It was a strange figure-like a child: yet not so like a child as like an old man, viewed through some supernatural medium, which gave him the appearance of having receded from the view, and being diminished to a child’s proportions. Its hair, which hung about its neck and down its back, was white as if with age; and yet the face had not a wrinkle in it, and the tenderest bloom was on the skin. The arms were very long and muscular; the hands the same, as if its hold were of uncommon strength. Its legs and feet, most delicately formed, were, like those upper members, bare. It wore a tunic of the purest white; and round its waist was bound a lustrous belt, the sheen of which was beautiful. It held a branch of fresh green holly in its hand; and, in singular contradiction of that wintry emblem, had its dress trimmed with summer flowers. But the strangest thing about it was, that from the crown of its head there sprung a bright clear jet of light, by which all this was visible; and which was doubtless the occasion of its using, in its duller moments, a great extinguisher for a cap, which it now held under its arm….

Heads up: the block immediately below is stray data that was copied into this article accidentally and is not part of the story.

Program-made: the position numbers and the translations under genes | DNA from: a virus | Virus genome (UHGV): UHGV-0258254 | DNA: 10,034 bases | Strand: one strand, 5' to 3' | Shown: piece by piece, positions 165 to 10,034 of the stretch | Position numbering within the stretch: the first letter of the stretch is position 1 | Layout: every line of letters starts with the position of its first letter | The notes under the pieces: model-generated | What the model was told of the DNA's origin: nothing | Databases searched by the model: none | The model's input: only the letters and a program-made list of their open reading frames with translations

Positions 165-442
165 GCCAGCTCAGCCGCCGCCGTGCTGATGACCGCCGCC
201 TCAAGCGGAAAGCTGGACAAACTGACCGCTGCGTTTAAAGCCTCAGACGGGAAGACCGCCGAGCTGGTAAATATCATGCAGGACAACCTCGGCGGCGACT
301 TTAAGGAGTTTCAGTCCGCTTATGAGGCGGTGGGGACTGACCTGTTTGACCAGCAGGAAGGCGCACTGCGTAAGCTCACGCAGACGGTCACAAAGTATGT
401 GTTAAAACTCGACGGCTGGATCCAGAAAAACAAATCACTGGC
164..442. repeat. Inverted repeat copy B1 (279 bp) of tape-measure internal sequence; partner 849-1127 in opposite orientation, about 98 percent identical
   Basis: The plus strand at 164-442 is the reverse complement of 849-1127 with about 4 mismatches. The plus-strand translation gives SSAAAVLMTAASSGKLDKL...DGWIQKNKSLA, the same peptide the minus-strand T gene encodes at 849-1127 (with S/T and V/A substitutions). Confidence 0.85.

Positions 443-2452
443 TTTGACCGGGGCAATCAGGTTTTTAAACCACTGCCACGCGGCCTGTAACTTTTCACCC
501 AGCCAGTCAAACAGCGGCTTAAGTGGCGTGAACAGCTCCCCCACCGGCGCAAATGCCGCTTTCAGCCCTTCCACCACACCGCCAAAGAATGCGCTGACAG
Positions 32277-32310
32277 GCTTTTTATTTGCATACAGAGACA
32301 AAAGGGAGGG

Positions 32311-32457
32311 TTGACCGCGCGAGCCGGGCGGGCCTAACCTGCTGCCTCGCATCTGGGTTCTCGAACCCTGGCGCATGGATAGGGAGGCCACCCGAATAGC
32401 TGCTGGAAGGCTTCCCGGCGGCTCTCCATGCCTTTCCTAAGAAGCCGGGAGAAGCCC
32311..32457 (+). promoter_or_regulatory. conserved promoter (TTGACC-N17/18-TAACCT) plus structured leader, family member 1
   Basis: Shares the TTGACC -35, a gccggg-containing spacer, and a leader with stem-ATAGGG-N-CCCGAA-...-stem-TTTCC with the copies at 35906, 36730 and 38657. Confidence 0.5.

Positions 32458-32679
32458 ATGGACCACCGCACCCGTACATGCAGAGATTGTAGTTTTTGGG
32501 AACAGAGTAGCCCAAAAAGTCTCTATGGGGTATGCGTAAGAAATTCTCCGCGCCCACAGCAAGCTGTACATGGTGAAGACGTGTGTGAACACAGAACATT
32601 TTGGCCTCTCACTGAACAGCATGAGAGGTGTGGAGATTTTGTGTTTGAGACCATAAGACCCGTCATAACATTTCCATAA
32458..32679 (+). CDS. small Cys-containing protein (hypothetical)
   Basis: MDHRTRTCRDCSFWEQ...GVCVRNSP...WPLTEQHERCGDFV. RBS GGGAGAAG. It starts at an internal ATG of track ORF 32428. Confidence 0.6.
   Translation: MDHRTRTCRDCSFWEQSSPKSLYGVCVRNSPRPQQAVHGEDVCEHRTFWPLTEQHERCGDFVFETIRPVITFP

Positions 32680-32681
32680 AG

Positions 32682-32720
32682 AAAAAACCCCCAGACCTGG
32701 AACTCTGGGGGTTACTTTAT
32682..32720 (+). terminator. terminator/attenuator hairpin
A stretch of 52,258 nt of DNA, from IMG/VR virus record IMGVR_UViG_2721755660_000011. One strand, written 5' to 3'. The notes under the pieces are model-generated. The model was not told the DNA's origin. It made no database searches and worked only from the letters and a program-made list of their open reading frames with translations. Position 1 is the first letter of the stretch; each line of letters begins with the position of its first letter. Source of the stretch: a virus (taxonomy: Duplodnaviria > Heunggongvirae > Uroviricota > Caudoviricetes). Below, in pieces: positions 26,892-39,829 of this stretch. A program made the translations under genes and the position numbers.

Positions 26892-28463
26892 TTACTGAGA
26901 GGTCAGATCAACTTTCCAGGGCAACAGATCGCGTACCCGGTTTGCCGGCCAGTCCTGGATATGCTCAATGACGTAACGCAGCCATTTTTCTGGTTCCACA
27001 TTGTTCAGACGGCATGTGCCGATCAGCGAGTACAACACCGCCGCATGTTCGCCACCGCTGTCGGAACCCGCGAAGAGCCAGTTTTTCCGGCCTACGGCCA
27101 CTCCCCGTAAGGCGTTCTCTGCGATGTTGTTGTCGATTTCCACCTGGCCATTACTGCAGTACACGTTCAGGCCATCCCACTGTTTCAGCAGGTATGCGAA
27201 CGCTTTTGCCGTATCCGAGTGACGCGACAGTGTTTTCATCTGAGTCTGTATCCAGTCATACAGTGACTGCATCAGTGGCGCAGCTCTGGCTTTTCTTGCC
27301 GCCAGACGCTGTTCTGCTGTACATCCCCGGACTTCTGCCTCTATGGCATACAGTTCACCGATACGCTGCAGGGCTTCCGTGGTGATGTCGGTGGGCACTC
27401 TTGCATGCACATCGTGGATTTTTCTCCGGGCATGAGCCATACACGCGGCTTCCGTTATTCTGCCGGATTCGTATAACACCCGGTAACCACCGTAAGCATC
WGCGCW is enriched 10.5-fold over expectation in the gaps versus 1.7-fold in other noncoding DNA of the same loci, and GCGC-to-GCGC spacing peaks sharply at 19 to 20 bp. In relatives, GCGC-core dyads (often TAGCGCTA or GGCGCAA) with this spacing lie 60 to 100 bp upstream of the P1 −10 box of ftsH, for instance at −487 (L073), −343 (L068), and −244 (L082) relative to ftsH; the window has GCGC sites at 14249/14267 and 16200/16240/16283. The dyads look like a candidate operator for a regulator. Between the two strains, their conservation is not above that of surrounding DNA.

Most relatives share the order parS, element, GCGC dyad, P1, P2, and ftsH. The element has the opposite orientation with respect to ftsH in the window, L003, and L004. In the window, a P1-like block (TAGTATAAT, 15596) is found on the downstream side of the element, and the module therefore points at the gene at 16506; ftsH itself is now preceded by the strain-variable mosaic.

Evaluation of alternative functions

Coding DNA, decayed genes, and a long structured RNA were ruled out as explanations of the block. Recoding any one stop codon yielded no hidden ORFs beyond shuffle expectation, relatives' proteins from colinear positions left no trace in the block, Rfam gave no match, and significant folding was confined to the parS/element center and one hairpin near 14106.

…’Are you the Spirit, sir, whose coming was foretold to me?’ asked Scrooge.
The voice was soft and gentle. Singularly low, as if instead of being so close beside him, it were at a distance.
‘Who, and what are you?’ Scrooge demanded.
‘I am the Ghost of Christmas Past.’
‘Long Past?’ inquired Scrooge: observant of its dwarfish stature.
‘No. Your past.’
The Ghost of Christmas Past: This ghost changes its shape as it moves through Ebenezer’s past; at one moment, it looks like Carl Pavano; at another, Mike Mussina; at times, it takes on the ghostly form of Sir Sidney Ponson.
Old Fezziwig (under whom Scrooge apprenticed): Gene Michael.
Belle, Scrooge’s former fiancee, who released him from their contract when he became too concerned with “gain,” and her joyful current family: Cliff Lee and the Phillies.
STAVE 3: THE SECOND OF THE THREE SPIRITS